Sleep walking (also called somnambulism) is a behavior in which the child gets up during the night and walks or does other activities. The child usually does not remember getting up or being engaged in the activities.
More common in children than adults, sleepwalking is usually outgrown by the teen years. Sleepwalking in adults has a higher chance of being confused with or coexisting with other sleep disorders as well as medical conditions.
Sleep walking usually occurs early in the night — often one to two hours after falling asleep. It’s unlikely to occur during naps. A sleepwalking episode can occur rarely or often, and an episode generally lasts several minutes, but can last longer.
Someone who is sleep walking may:
• Get out of bed and walk around
• Sit up in bed and open his or her eyes
• Have a glazed, glassy-eyed expression
• Not respond or communicate with others
• Be difficult to wake up during an episode
• Be disoriented or confused for a short time after being awakened
• Not remember the episode in the morning
• Have problems functioning during the day because of disturbed sleep
• Have sleep terrors in addition to sleepwalking
Sometimes, a person who is sleep walking will:
• Do routine activities, such as getting dressed, talking or eating
• Leave the house
• Drive a car
• Engage in unusual behavior, such as urinating in a closet
• Engage in sexual activity without awareness
• Get injured, for example, by falling down the stairs or jumping out a window
• Become violent during the period of brief confusion immediately after waking or, occasionally, during sleepwalking
Causes of sleep walking include:
• Hereditary (the condition may run in families).
• Lack of sleep or extreme fatigue.
• Interrupted sleep or unproductive sleep, from disorders like sleep apnea (brief pauses in the child’s breathing pattern during sleep).
• Illness or fever.
• Certain medications, such as sleeping pills.
• Stress, anxiety.
• Going to bed with full bladder.
• Noises or touches.
• Changes in sleep environment or different sleep setting (example: a hotel).
• Head injuries.
Sleep walking itself isn’t necessarily a concern, but a person who sleepwalks can:
• Hurt themselves — especially if they walk near furniture or stairs, wander outdoors, drive a car or eat something inappropriate during a sleepwalking episode
• Experience prolonged sleep disruption, which can lead to excessive daytime sleepiness and possible school or behavior issues
• Be embarrassed or experience problems with social relationships
• Disturb others’ sleep
• Rarely, injure someone else nearby
For children who sleepwalk more often, doctors may recommend a treatment called scheduled awakening. This treatment works as follows: for several nights, record the time between when your child falls asleep and the beginning of the sleepwalking event.
Then, for the next several nights in a row, rouse your child 15 minutes before the expected time of the sleepwalking event. You do not need to completely awaken the child — simply disturb the sleep enough to cause a brief stirring. This momentarily interrupts the sleep cycle and may stop the sleep walking in some cases.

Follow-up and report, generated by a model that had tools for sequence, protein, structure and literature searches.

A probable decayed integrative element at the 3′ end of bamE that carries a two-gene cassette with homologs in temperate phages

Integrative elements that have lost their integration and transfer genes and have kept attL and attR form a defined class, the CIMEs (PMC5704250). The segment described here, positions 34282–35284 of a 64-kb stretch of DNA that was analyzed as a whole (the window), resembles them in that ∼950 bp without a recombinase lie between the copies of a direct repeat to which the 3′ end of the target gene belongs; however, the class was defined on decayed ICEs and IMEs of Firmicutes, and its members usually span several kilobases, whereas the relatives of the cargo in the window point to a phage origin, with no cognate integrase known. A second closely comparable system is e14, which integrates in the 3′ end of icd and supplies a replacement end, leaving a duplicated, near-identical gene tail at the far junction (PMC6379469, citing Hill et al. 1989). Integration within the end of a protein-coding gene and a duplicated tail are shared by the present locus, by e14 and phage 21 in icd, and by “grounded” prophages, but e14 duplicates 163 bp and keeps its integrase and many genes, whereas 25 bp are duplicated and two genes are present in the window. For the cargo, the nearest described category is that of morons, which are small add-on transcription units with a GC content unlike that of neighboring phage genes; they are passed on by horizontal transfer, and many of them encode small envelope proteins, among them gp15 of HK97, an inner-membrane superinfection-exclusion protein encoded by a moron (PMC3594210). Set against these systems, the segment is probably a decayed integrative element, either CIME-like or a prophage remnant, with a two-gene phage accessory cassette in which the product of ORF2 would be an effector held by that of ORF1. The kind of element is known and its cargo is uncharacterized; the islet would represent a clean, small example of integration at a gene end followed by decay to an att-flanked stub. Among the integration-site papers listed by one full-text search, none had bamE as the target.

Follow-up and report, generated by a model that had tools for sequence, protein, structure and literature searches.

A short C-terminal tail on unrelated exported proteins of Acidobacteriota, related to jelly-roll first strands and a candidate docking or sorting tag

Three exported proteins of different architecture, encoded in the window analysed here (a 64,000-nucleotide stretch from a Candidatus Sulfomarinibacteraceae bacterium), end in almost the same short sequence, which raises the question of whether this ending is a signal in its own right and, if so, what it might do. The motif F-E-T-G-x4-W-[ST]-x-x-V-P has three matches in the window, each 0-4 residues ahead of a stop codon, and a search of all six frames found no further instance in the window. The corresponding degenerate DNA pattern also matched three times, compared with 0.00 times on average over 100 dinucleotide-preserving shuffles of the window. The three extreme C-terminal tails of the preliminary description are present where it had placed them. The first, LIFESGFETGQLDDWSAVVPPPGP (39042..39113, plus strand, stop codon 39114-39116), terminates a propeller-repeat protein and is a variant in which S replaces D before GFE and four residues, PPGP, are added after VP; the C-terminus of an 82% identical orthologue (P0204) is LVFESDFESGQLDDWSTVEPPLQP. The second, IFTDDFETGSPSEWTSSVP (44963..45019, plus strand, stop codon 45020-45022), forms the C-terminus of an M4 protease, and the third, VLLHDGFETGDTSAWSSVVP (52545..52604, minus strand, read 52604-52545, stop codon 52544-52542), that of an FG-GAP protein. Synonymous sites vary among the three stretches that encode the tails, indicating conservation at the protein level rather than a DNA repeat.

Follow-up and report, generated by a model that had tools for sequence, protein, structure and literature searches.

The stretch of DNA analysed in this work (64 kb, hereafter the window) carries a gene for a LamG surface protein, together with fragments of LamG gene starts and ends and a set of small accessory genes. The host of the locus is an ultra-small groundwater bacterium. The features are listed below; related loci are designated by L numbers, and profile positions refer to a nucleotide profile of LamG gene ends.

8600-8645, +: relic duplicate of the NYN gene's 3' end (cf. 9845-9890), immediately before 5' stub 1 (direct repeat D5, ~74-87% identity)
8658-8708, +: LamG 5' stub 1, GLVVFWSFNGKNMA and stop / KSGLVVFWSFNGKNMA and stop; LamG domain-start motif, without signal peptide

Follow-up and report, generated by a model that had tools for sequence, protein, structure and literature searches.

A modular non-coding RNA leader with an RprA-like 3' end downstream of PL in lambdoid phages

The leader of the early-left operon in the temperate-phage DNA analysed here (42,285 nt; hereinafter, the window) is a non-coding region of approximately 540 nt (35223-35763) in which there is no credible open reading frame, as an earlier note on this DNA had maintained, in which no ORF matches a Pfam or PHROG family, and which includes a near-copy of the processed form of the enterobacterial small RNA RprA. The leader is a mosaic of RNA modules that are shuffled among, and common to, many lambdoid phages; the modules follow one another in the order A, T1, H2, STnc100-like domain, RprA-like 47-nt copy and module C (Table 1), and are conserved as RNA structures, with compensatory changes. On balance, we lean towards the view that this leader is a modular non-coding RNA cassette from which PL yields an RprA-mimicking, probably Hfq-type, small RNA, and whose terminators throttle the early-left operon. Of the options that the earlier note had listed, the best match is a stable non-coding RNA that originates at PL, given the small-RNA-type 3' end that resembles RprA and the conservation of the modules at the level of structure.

Other ways to try to reduce your child’s sleepwalking include the following:
• Have your child relax at bedtime by listening to soft music.
• Establish regular nap and sleep schedules and stick with them. Naps are important in the younger child. This will eliminate sleep deprivation (a lack of sleep), a known trigger for sleepwalking.
• Cut back on the amount of liquids your child drinks in the evening and make sure he or she goes to the bathroom before bedtime (a full bladder may contribute to sleepwalking).
• Avoid caffeine near bedtime (caffeinated products include coffee, tea, colas, some non-cola pops, energy drinks, and chocolates).
• Make sure your child’s bedroom is quiet, calm, comfortable, cool (less than 75° F) and dark.
If stress is thought to be contributing to the problem, your child may benefit from counseling, hypnosis or biofeedback. On rare occasions, doctors may prescribe a medication to help your child sleep.
Eliminate Safety Risks
Harm reduction is an important consideration for people who sleepwalk. Some ways that safety risks can be reduced include:
• Keeping sharp objects or weapons locked away and out of reach
• Closing and latching doors and windows
• Removing tripping hazards from the floor
• Installing lights with motion sensors
• If necessary, using door alarms or a bed alarm that goes off if a person gets out of bed
Is It Safe to Wake a Person Who Is Sleepwalking?
Most experts advise against jarring awakenings for people who are in the middle of a sleepwalking episode. Because they aren’t aware of their situation, a jolting awakening may provoke fear, confusion, or anger.
If possible, you can try to lightly guide a sleep walking person away from potential dangers and back to bed. A quiet, soothing voice and at most a light touch may be useful in directing them.
If you do need to wake up a person who is sleep walking, try to do so in a way that is as gentle as possible, and be aware that they will most likely be disoriented upon waking up.
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